You Want To Stop?

If you’ve read my past posts, you should know that mental illness is part of me. It is not who I am, it does not define me, but it is something that I have. This has been a struggle for me for years and up until a few months ago, I didn’t understand that it wasn’t normal to feel the way i was feeling.

That being said, I am feeling fricken AMAZING. I am laser focused on what I want out of life, I am learning how to battle triggers and how to not let my emotions define me. Therapy is going amazing. I feel complete control in my life for the first time EVER.

Why am I telling you this? Because often people who struggle with mental illness stop their treatment, both medications and therapy, when they start to feel better. AND THAT’S NOT OKAY. Trust me, I know how tempting it is to stop the medication, to stop the therapy when you’re feeling good. You are “fixed” right? NO!

Mental illness, typically, is not something you can “fix” and never have to worry about ever again. You constantly have to work on it and stay on top of. You don’t want to erase all the progress you’ve made. Right?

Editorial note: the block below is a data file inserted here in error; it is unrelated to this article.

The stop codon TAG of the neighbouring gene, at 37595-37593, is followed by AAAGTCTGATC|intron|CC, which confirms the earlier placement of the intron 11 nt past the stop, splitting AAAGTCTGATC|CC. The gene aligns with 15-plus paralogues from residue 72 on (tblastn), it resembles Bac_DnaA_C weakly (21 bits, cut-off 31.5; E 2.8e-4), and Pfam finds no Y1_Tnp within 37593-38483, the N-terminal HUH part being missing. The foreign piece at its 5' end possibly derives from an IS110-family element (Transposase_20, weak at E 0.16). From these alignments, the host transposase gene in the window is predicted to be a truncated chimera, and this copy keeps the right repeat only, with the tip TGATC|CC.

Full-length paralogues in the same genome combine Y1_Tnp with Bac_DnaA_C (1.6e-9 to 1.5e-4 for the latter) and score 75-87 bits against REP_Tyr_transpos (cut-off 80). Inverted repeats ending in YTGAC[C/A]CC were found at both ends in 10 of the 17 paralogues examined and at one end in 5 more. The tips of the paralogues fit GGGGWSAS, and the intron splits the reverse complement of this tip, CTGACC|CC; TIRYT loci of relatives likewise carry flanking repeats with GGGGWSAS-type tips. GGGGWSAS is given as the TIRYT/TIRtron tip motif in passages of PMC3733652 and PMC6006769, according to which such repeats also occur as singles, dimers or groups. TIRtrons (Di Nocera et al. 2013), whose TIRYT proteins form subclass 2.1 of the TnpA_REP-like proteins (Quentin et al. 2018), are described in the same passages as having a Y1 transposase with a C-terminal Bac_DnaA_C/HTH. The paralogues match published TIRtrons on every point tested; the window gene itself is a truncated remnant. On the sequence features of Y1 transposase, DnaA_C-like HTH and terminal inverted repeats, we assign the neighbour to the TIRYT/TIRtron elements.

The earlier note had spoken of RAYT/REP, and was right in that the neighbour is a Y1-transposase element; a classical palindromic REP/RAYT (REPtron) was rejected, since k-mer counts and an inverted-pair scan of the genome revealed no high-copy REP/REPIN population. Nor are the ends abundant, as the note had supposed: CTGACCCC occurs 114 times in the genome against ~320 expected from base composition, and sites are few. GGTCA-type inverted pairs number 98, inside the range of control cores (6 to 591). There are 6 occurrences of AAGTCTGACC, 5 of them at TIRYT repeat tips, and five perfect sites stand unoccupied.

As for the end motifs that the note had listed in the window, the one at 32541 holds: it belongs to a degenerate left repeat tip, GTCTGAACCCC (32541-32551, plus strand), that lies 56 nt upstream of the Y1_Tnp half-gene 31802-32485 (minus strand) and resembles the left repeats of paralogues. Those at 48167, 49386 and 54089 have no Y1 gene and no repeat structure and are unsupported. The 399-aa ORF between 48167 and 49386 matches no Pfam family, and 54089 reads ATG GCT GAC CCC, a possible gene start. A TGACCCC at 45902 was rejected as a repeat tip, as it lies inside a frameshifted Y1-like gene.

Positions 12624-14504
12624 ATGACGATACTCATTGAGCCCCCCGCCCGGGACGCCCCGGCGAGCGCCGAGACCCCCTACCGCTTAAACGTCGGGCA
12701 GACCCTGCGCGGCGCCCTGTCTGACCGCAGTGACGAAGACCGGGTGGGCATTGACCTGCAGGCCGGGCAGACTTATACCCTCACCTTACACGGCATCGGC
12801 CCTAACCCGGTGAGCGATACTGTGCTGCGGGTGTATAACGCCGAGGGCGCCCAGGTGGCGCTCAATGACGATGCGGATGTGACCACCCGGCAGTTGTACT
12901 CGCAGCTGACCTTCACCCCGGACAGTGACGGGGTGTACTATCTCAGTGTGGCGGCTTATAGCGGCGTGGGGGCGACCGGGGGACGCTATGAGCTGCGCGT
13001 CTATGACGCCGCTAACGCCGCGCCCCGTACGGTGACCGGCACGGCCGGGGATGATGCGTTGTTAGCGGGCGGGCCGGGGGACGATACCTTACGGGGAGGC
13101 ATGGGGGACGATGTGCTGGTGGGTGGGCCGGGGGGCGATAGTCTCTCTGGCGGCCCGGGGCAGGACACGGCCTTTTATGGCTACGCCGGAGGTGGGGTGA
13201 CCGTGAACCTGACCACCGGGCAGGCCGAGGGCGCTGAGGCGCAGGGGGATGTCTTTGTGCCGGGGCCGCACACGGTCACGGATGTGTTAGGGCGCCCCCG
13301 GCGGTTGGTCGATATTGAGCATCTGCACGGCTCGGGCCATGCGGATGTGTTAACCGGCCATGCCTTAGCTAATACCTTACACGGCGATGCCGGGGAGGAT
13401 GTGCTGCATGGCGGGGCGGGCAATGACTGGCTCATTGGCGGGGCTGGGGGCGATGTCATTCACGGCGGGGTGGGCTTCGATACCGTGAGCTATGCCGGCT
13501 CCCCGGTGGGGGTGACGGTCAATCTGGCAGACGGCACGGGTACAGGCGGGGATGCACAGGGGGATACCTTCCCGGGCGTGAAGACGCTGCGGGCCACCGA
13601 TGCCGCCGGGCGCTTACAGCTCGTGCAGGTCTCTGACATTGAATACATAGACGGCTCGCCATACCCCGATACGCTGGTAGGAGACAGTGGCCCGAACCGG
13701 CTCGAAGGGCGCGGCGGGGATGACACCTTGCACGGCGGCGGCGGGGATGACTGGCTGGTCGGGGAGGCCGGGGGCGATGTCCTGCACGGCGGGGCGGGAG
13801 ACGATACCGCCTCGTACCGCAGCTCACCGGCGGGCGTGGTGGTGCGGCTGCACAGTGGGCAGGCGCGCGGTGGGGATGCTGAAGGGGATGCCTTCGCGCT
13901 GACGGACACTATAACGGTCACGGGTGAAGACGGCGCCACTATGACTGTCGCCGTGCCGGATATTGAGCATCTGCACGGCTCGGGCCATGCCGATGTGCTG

Think about it. Remember that dark place that caused you to get help? Do you really want to go back there? I, for one, will do anything to NOT go back to that dark, scary place. So if you find yourself not wanting to take those medications or not wanting to go to therapy. This is your sign to keep at it and don’t stop when you feel good. You are worthy of an incredible life, so treat yourself like it.

And if you are feeling dark and stormy, there is a way up. I feel you, I was you. Get help. Reach out to a friend, family member, therapist, call the suicide hotline. I know it’s easy for me to tell you this, but I speaking from experience. I am speaking as a person who was in the darkest of dark places, it does get better. It just starts with a decision to make the change.

2 thoughts on “You Want To Stop?

  1. I definitely get your point on mental illness being a part of you. However, when it comes to what people should or shouldn’t do, I think it really depends on them and their specific case… I would like to share my own experience that is rather different from yours and what you are recommending – I was in therapy for years and took meds for a while and I did stop both around a year ago, and I am not back in the ‘dark place’ that I was in before I started. Sure, I have some bad moments and dark periods, but I have used all the techniques that I learned in therapy in addition to a lot of things I added to my ‘mental health toolkit’ that help me get through almost anything. Just a different perspective, but of course not a recommendation! 🙂


    1. That is totally awesome for you! And you are absolutely correct, it is different from person to person! This has just been my experience and what I have seen happen to others 🙂 I so appreciate your perspective!

      Liked by 1 person

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